Law 13: Changed so that the striker becomes responsible for the position of balls replaced after any fault or error which he has committed.
Law 14: Reworded more precisely and so as to cover clearly some reasonably common cases which are arguable under the current laws; although it has still not been feasible to adequately cover every very unlikely possibility.
Law 15: Changed to allow a pegged out ball to cause other balls to score points. This seems eminently more sensible and less confusing than the current law, although there remains the once-in-a-millenium possibility of a game ending in a 26-all draw.
Law 17: Reworded so as to cover cases which have been the subject of much dispute under the current law.
Law 19: As mentioned above (under law 8) the striker will be able to change his mind about the croqueted ball until the stroke has been played when he is arranging balls for a croquet stroke at the start of his turn, or in any "cannon" situation.
Law 23: A sentence added allowing the referee at his discretion to repair a damaged court instead of moving the balls.
Laws 23 and 24: Changed to say that a moved ball which is not affected by the play will be replaced as soon as it is not likely to affect the immediate future play, regardless of whether or not the turn may have ended in the meantime.
NOTE: The most controversial changes are those to the error laws (laws 26 - 35 which follow) involving limits of claims, penalties, etc. In addition to providing for cases which are not presently covered (particularly involving "dead" balls), we ensured as far as possible that the striker can no longer gain an advantage from the fact that he has committed an error. Some laws in this section have been renumbered. [Much of this section uses wording proposed by Stephen Mulliner.]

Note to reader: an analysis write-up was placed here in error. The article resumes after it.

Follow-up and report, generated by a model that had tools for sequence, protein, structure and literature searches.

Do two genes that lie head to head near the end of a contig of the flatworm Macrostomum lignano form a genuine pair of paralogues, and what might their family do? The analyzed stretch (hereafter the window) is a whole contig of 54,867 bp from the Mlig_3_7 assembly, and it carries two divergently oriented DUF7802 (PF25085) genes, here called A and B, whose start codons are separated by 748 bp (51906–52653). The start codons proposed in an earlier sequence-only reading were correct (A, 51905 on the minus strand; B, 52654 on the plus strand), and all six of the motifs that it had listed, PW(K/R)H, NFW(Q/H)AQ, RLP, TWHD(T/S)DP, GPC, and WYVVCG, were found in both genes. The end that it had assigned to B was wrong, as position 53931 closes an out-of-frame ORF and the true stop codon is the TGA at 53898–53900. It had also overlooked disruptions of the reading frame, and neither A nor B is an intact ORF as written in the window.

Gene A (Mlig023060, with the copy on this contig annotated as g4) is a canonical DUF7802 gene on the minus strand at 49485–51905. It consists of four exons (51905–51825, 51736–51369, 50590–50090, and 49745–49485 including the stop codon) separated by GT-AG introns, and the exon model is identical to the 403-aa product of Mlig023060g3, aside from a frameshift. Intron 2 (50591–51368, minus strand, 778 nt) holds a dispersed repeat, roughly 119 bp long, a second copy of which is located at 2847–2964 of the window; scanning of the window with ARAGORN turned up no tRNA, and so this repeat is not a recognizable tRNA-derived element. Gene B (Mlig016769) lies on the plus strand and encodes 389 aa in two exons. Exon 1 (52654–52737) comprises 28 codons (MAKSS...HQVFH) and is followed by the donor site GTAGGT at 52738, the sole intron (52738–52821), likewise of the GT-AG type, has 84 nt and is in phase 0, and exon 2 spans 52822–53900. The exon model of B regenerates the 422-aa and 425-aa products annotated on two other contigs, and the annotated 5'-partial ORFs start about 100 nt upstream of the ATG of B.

(1) The notion of "condoning" has been done away with and has been replaced by "rectification" of errors discovered within the limit of claims.
(2) The adversary is no longer required to forestall before an error has been committed by the striker, although he may do so if he wishes.
(3) The referee is specifically given the power to penalise any deliberate breach of the laws.
Laws 27 and 28: "Restricted remedies" have been done away with, and law 28(a) has been deleted.
(1) Combined with law 30, it now provides separately for situations where a "dead" ball is involved.
(2) In situations where the striker has taken croquet from the wrong ball, or when not entitled to do so, or has failed to take croquet, the adversary will have the right to waive the replacement of the balls if he believes it would be to his advantage to require the striker to continue with the balls as they lie. [This idea was proposed by Ian Vincent.]
(3) The striker's turn will end if it would have done so had the error not been committed - e.g. if the striker had missed a roquet or failed in an attempt to run his hoop.
(1) The term "during the striking period" has been replaced by "during a stroke".
(2) More precise wording of some of the faults.
(3) A specific statement that a double hit caused by making a "hoop and roquet" is not a fault.
(4) After any fault which is discovered within the limit of claims the adversary will have the right to waive the replacement of the balls.
Law 33: Combined with other laws and replaced by additional laws covering faulty equipment and 'Playing when forestalled'.
Law 34: Combined with other laws and replaced by a new law covering the handling of "impasses". [Proposed and worded by Stephen Mulliner.]
(1) 'Playing when misled' and 'Wrongly removing or failing to remove a ball from the game' (currently law 30(d)) are no longer considered to be errors, but have been placed in a separate section of the laws headed "Interference". This means that they will not be considered under the Compound Error law if combined with an actual error.
(2) The limit of claims for 'Playing when misled' has been extended to the end of the game. [Again the changes and wording were proposed by Stephen.]
Law 37: Deleted.
Law 38: Changed so that in doubles play a bisque can no longer be taken as two half-bisques. (At present law 43(a) states that in doubles play "Law 38(b) does not apply", and therefore it is permissible in doubles play to take a bisque as two half-bisques.)
Law 48: A statement added to say that the striker who successfully claims a wiring lift is not required to take it. There has been some argument on this point under the current laws. [Change suggested by Ian Bond.]
Law 50: A provision that the game clock may be stopped at any time at the discretion of the referee (or the players as joint referees).